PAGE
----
1. Not finding help here? Sign up for a free 30min tutor trial with Chegg Tutors
    Dismiss Notice
Dismiss Notice
Join Physics Forums Today!
The friendliest, high quality science and math community on the planet! Everyone who loves science is here!

HELP 3 physics problems that i am stuck on

  1. Sep 1, 2004 #1
    HELP!!! 3 physics problems that i am stuck on

    Help me out guys. I am in a college physics class and a week and a half into the class i am stuck.

    1.) A bullet is moving at 244m/s. It hits a tree and penetrates 8.34mm. (A)What is the average acceleration as it slows? (B) Assuming constant acceleration, how long does it take for the bullet to stop.

    I keep coming up with over 7mill m/s for part A... so obviously I am doing something wrong. If someone can just get me started on the right track I think I can figure the rest out.

    2.) A ball is thrown straight up at 36m/s How long will it take for the ball to return to it's starting position?

    I know it is one of the free fall equations, but i just cant figure out which... also, air resistance is not a factor.

    3.) An astronaut lands on a strange, new planet. She discovers she can jump a maximum of 27m @ 6.0m/s. What is the magnitude of acceleration of gravity on the new planet?

    Any help on any of these would be greatly appreciated. Thanks.

    Stacy in NC
     
  2. jcsd
  3. Sep 1, 2004 #2
    1.) A bullet is moving at 244m/s. It hits a tree and penetrates 8.34mm. (A)What is the average acceleration as it slows? (B) Assuming constant acceleration, how long does it take for the bullet to stop.

    I keep coming up with over 7mill m/s for part A... so obviously I am doing something wrong. If someone can just get me started on the right track I think I can figure the rest out.

    my note: use vf^2 = vi^2 + 2ad

    you shouldn't get 7mil m/s. Try again.

    2.) A ball is thrown straight up at 36m/s How long will it take for the ball to return to it's starting position?

    I know it is one of the free fall equations, but i just cant figure out which... also, air resistance is not a factor.

    my note: figure out the time it takes for an object to reach 36m/s with only gravitational acceleration. Then multiply it by 2 since the trajectory is symmetrical.

    use vf = vi + at

    3.) An astronaut lands on a strange, new planet. She discovers she can jump a maximum of 27m @ 6.0m/s. What is the magnitude of acceleration of gravity on the new planet?

    my note: again use vf^2 = vi^2 + 2ad

    Any help on any of these would be greatly appreciated. Thanks.

    Stacy in NC

    P.S - just do more studying and you should do fine...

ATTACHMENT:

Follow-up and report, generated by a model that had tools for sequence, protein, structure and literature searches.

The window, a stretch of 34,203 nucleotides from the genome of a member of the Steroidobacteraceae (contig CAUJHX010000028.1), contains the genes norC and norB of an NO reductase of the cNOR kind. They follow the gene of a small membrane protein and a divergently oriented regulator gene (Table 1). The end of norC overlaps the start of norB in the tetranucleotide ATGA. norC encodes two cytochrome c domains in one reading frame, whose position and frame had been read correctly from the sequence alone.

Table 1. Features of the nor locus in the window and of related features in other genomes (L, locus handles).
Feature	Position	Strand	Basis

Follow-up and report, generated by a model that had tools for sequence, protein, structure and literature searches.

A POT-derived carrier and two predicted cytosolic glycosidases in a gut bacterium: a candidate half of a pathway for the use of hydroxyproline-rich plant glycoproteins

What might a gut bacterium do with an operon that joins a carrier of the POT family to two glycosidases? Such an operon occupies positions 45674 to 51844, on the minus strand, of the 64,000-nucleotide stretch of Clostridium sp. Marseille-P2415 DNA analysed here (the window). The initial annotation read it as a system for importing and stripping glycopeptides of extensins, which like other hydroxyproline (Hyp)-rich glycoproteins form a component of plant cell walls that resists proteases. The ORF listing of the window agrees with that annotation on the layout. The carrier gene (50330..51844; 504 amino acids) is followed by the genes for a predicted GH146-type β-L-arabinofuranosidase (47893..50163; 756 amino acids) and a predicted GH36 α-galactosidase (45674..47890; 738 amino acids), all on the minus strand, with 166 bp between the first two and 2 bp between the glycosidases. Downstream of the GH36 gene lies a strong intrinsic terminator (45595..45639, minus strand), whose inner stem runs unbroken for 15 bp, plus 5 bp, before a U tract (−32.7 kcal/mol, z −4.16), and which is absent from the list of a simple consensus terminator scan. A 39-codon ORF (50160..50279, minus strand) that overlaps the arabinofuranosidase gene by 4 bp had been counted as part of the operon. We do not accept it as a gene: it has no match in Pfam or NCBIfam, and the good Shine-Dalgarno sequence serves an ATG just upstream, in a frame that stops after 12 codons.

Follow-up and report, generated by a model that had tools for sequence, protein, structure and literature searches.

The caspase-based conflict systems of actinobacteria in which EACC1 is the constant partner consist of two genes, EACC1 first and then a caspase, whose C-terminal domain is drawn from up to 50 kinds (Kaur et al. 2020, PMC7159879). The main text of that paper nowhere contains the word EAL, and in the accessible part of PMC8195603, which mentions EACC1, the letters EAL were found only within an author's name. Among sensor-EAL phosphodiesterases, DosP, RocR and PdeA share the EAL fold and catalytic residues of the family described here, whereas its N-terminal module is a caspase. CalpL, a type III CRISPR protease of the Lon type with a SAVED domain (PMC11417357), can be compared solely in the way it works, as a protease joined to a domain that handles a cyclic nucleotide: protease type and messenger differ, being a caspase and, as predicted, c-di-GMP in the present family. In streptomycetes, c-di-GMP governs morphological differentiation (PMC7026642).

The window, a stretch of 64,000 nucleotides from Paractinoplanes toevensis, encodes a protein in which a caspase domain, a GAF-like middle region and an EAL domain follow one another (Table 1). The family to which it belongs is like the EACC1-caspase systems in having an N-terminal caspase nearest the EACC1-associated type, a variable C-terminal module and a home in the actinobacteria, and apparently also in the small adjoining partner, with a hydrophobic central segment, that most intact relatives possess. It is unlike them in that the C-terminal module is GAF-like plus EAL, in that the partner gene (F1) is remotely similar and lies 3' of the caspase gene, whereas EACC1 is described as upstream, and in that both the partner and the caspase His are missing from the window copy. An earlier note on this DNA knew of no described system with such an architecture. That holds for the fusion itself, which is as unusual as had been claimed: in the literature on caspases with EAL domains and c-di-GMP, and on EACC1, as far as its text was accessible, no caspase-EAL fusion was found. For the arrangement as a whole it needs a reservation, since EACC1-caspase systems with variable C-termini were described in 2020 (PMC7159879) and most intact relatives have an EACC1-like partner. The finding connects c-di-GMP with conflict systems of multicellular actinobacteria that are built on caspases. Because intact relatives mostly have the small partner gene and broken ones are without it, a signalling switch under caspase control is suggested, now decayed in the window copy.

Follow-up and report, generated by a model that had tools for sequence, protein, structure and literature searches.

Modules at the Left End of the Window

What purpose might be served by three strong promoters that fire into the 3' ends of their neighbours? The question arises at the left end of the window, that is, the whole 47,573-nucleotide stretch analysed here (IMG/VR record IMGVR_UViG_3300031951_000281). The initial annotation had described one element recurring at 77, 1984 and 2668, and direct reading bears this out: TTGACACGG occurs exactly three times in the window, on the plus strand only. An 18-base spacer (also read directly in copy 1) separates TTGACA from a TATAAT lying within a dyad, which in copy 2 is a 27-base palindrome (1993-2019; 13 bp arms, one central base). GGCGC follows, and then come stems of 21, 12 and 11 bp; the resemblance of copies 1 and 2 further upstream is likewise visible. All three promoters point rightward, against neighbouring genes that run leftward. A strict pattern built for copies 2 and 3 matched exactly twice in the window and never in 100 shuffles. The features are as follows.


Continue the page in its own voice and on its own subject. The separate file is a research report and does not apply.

4. Sep 1, 2004 #3

    chroot

    User Avatar
    Staff Emeritus
    Science Advisor
    Gold Member

    1) The kinetic energy of the bullet is

    [tex]E = \frac{1}{2} m v_0^2[/tex]

    The tree has to dissipate all of this energy by applying a force to the bullet. The relationship between work, force, and distance is

    [tex]W = \mathbf F \cdot \mathbf d[/tex]

    In this case, you know how much work is done (E) and the distance it was done over (d), and you can solve for F. You're not so much interested in the force as you are in the acceleration, so you can use Newton's second law to replace F with ma:

    [tex]\frac{1}{2} m v_0^2 = Fd = mad[/tex]

    The m's cancel, and you're left with a simple expression for the acceleration. This acceleration is in the millions of m/s2. This makes sense, when you realize that a bullet initially travelling at 244 m/s would cover 8.34 mm in about 34 millionths of a second:

    http://www.google.com/search?hl=en&lr=&ie=UTF-8&q=8.34+mm+/+244+m/s&btnG=Search

    The acceleration has to be quite large.

    To find the time it takes the bullet to stop, just using the standard kinematic formula:

    [tex]s(t) = v_0 t + \frac{1}{2} a t^2[/tex]

    Where s(t) is the position of the bullet at time t. Plug in 8.34 mm for s(t), 244 m/s for [itex]v_0[/itex], and the acceleration you found above, then solve for time. The answer you get should be a few tens of microseconds.

    2) If you're going to memorize any equations, memorize this one:

    [tex]s(t) = v_0 t + 1/2 a t^2[/tex]

    That's all you need to solve this problem. The acceleration is just g, and you know v_0. If the ball starts at ground level, then s(t=0) is 0. Solve this equation for the other permissible value of t.

    3) You can derive the maximum height of a trajectory easily enough, but here's the formula:

    [tex]y_\textrm{max} = \frac{v_0^2}{2a}[/tex]

    Plug in the numbers and solve for a.

    - Warren
     
    Last edited: Sep 1, 2004
Know someone interested in this topic? Share this thread via Reddit, Google+, Twitter, or Facebook

Have something to add?



Similar Discussions: HELP 3 physics problems that i am stuck on
Loading...